ABC News’ Matthew Jaffe reports:
Republican leaders in Congress today ripped House Democrats for holding a politically-charged vote Thursday on extending the Bush tax cuts for middle-class Americans but letting them expire for the wealthy at year’s end.
“I think it’s wrong,” said House Speaker-to be John Boehner. “It does undercut the conversations we had just yesterday to continue to play political games. The American people said on election day, ‘Stop the games. Stop the spending. Stop the looming tax hikes.’”
That argument was echoed by the Senate’s top Republican Mitch McConnell.
“Regardless of what the majority tries to force House Republicans to do, it’s not going to go anywhere,” McConnell said. “We are going to extend the current tax rates. We’re not going to raise taxes on anybody. The only thing we’re discussing now is just how long that extension will be.”
McConnell and Boehner were speaking at a brief press conference following a meeting this evening with Republican governors-elect on Capitol Hill.
“It is a great day today in DC because what you see is a coalition of governors who have gotten together with the leaders in DC and we are now going to start conversations on why we don’t need mandated healthcare and what we as states can do as solutions instead,” said South Carolina Governor-elect Nikki Haley. “We are not just going to say, ‘no,’ but we are actually going to tell our federal leaders what we can do instead, so that they can go back and fight for why states should have more rights than what they have right now.”
The Bush tax cuts are due to expire on December 31 unless Congress extends them. Republicans want a permanent extension of all the tax cuts while Democrats want to extend the cuts only for individuals making under $200,000 a year and couples making under $250,000 a year. One option seen as an increasingly likely outcome is both parties agreeing on a temporary three-year extension of all the cuts in exchange for key Democratic priorities like an unemployment insurance extension and other possible measures.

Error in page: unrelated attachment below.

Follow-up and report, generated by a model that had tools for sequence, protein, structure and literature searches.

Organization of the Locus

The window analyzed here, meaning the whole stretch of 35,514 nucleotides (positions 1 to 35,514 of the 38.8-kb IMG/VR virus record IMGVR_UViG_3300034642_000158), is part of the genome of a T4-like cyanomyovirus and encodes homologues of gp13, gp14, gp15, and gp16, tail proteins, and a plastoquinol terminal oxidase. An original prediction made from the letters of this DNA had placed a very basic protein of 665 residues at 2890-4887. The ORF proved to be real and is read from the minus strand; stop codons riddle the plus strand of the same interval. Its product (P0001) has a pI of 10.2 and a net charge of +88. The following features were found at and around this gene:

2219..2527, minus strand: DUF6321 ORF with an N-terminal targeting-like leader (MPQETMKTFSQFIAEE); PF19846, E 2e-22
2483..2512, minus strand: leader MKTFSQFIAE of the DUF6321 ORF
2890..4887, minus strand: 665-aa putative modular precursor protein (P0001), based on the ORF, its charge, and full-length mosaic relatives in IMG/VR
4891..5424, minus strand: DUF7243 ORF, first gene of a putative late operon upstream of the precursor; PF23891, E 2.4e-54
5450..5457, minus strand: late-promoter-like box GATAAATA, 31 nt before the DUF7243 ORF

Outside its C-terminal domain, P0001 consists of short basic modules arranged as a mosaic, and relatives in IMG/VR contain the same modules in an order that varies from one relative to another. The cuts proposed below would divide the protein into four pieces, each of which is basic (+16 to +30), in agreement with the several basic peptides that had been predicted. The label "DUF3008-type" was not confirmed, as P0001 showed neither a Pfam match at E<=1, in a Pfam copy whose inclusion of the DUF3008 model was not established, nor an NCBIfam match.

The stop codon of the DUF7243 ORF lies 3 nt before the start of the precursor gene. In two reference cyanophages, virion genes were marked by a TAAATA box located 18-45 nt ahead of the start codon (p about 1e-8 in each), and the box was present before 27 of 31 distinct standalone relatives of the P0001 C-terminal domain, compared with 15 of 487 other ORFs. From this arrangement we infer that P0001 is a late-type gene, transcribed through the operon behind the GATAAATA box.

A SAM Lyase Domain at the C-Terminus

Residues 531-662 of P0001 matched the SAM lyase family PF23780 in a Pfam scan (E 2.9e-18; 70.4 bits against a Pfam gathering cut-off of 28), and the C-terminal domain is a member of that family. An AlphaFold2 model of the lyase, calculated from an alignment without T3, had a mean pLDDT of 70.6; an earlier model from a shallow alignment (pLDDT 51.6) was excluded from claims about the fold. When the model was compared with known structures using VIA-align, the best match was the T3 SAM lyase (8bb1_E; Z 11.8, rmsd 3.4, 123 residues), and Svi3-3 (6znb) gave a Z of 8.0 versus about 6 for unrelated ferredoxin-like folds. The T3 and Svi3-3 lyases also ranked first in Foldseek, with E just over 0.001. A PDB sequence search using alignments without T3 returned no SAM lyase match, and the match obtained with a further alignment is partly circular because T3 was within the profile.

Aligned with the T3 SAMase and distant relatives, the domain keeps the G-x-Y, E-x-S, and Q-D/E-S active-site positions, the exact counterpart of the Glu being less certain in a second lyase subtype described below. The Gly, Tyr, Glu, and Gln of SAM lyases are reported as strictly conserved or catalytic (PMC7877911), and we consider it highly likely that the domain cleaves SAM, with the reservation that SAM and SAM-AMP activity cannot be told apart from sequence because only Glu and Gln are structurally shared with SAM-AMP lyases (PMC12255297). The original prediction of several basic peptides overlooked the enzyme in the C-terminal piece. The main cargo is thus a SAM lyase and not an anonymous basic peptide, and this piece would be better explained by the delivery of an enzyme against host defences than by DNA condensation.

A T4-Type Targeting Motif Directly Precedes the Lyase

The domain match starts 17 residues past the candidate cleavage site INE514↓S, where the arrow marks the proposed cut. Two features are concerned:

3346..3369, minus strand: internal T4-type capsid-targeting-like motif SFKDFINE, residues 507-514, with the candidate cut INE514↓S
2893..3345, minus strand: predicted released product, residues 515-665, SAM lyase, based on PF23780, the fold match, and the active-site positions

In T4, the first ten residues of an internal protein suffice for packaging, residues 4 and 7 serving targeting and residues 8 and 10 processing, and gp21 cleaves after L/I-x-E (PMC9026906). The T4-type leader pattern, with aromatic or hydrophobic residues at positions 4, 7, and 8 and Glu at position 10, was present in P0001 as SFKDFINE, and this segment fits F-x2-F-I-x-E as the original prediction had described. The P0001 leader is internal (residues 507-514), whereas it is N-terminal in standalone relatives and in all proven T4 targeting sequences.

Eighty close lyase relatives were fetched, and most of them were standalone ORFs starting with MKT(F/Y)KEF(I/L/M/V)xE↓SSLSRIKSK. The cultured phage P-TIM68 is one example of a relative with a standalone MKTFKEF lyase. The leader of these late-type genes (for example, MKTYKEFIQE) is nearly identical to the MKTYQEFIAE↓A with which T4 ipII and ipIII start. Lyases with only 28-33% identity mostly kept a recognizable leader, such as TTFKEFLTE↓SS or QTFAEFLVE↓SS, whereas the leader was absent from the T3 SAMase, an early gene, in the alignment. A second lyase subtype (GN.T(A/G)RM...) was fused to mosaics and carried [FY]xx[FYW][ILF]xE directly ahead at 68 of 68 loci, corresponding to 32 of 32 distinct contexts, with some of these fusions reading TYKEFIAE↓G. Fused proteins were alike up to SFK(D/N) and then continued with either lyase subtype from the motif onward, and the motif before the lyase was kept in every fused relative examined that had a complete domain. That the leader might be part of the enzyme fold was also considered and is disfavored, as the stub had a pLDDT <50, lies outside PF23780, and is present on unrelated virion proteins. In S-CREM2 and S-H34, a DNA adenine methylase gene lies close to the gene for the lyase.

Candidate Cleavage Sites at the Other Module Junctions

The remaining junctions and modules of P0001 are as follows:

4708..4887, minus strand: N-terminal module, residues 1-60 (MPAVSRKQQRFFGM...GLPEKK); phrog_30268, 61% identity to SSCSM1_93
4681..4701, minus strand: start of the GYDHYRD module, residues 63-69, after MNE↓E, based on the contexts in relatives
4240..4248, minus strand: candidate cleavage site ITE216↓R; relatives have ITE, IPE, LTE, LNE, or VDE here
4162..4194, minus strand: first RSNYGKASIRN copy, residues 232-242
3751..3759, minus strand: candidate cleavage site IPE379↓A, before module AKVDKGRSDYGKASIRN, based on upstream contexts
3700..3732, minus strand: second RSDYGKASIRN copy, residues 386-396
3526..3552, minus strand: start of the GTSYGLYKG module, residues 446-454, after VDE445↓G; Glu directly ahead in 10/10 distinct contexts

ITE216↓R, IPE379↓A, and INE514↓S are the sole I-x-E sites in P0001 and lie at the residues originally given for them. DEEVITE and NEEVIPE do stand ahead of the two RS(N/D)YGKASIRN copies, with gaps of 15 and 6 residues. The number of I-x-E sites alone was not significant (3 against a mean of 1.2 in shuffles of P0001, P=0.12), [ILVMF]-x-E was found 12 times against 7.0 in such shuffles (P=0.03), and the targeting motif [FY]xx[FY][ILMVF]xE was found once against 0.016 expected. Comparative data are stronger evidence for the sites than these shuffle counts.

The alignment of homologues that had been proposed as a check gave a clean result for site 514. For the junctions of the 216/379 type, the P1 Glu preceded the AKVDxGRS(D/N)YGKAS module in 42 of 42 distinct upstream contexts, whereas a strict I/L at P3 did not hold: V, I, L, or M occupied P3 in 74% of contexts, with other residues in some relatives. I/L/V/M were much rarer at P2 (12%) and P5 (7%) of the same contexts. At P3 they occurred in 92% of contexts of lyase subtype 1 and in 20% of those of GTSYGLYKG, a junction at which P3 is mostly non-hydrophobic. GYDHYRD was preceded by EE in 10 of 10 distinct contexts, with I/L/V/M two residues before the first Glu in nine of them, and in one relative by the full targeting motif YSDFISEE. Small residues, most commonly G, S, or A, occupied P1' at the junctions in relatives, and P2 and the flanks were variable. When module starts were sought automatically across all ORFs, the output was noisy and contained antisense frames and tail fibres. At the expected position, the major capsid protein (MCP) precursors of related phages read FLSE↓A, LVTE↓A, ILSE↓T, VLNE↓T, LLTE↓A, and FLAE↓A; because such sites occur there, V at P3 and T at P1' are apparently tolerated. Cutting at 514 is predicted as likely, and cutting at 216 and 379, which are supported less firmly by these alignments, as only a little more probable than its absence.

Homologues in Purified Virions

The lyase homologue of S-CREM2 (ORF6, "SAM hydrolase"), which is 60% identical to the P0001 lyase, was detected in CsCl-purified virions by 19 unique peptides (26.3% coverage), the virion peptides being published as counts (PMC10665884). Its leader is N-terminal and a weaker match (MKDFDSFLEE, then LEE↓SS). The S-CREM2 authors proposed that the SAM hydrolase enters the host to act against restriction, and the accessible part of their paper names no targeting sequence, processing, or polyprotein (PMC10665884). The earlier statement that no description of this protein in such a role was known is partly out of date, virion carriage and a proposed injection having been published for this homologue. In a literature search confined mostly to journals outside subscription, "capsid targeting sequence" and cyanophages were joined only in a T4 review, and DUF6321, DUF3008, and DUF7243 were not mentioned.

Today on Capitol Hill representatives from the Obama administration and Congress started a series of meetings to resolve the issue.
The White House-Congress tax meetings kicked off this morning with a summit on Capitol Hill that lasted over an hour and a half but left little clues about how both parties intend to resolve the issue of the expiring Bush tax cuts.
Treasury Secretary Tim Geithner and Office of Management & Budget director Jack Lew met with Sen. Max Baucus and Rep. Chris Van Hollen for the Democrats and Sen. Jon Kyl and Rep. Dave Camp for the Republicans in the morning for over an hour and a half and then again well into the evening. Geithner said the morning meeting had been “a very civil, constructive discussion,” but declined to characterize the talks any further.